Teaching prospective school leaders how to connect schools to one another as well as to outside information sources in the new decade also demands telecommunications skills.
Central Office Applications
This category includes calendar programs, decision-making simulations, project planning and management programs. Considered "essential" in the 1980s by only 11 percent of the respondents, that figure rose to 35 percent for the 1990s. Preparing future superintendents in the appropriate application of these decision-making tools is now a priority.
Calendar programs have become more sophisticated in the last ten years. Administrators may be taught how to utilize calendar programs to schedule activities and to rearrange meetings in case of conflict. School leaders, aware of the need for effective time-management skills, are also using the built-in calendar functions of newer hardware.
Unfortunately, currently available decision-making simulations are designed more for business enterprises than school situations. In these simulations, alternative variables are selected and weighed in the decision-making process. Some of the more sophisticated simulation exercises now employ interactive video as well.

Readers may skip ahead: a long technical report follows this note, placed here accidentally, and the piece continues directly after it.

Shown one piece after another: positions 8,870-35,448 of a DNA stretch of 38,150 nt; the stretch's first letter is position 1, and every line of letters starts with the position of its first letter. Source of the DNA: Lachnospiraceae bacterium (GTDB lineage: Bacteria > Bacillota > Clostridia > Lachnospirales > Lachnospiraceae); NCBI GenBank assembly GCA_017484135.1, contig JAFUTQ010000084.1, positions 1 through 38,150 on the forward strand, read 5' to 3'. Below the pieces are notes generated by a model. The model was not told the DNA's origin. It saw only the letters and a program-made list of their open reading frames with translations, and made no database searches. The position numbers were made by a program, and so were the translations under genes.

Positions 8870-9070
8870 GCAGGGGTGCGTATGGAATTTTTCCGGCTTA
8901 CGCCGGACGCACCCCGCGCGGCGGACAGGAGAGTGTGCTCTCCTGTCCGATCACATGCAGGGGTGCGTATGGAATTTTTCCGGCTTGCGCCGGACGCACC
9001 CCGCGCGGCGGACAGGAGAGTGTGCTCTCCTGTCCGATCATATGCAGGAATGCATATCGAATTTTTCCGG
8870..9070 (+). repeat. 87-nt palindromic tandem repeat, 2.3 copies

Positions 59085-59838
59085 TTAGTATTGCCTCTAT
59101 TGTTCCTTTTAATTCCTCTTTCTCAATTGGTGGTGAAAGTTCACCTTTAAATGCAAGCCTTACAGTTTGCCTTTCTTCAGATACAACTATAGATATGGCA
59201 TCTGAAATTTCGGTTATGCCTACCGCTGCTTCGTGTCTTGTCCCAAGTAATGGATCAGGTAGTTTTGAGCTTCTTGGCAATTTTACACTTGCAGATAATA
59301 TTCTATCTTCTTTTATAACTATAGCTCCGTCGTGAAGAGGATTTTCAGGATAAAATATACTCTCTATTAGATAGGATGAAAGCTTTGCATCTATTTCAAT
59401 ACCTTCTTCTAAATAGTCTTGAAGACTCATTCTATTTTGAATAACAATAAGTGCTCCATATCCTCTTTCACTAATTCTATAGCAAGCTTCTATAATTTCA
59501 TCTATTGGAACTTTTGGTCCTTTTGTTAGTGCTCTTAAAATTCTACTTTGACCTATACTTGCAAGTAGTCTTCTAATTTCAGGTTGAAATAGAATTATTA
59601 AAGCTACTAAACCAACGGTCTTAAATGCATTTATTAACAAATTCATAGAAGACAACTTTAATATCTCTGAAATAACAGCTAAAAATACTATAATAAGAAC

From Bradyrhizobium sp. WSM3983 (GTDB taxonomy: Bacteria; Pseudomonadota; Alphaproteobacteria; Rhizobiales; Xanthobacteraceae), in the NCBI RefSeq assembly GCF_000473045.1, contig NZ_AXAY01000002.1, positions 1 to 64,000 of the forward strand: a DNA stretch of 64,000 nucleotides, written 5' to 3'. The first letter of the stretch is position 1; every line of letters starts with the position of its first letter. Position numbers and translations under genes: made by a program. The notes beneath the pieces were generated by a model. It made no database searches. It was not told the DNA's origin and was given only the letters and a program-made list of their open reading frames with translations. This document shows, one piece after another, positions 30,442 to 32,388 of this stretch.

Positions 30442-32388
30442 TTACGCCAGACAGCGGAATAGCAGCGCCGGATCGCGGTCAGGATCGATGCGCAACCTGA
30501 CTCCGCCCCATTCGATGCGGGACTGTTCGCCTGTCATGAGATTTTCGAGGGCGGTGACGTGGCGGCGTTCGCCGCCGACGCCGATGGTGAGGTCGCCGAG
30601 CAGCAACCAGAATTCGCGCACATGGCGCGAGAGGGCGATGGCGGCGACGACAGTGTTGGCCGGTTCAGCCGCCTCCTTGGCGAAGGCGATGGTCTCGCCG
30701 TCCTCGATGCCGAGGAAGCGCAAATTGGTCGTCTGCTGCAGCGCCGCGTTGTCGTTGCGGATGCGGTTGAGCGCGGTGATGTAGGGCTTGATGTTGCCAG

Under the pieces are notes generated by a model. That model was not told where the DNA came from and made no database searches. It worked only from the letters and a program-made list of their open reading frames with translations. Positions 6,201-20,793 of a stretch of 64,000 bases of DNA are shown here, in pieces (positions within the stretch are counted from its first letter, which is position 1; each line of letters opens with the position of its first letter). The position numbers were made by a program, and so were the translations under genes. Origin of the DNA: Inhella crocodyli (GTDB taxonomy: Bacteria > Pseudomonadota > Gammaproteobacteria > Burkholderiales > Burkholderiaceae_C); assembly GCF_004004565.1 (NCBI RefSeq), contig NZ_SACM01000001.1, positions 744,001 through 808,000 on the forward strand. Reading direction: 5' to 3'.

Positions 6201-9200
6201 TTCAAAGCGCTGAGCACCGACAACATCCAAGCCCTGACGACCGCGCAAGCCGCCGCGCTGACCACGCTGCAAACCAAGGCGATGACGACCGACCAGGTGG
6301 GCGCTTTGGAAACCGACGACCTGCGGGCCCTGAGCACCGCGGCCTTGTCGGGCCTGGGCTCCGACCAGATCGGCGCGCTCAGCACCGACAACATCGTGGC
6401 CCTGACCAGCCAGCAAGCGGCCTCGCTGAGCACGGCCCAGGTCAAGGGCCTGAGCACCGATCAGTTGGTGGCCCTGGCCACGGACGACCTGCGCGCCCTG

Project management, closely associated with facilities planning, can engage the student of educational administration in activities such as the cost analysis of a building-construction process. Thus project management software can be a powerful tool for decision-making if the student-administrator is trained to recognize those areas where business and school needs overlap.
Included in the last cluster are these classroom applications: computer-assisted instruction (CAI), courseware evaluations, gradebook programs, interactive video and programming languages. Only four percent of the coordinators considered classroom applications to be "essential" to the training of educational administrators in the 1980s; for the 1990s, a low 13 percent of respondents viewed this category as "essential." Used more often by teachers for instructional and classroom management purposes, professors of educational administration do not see these applications as a priority.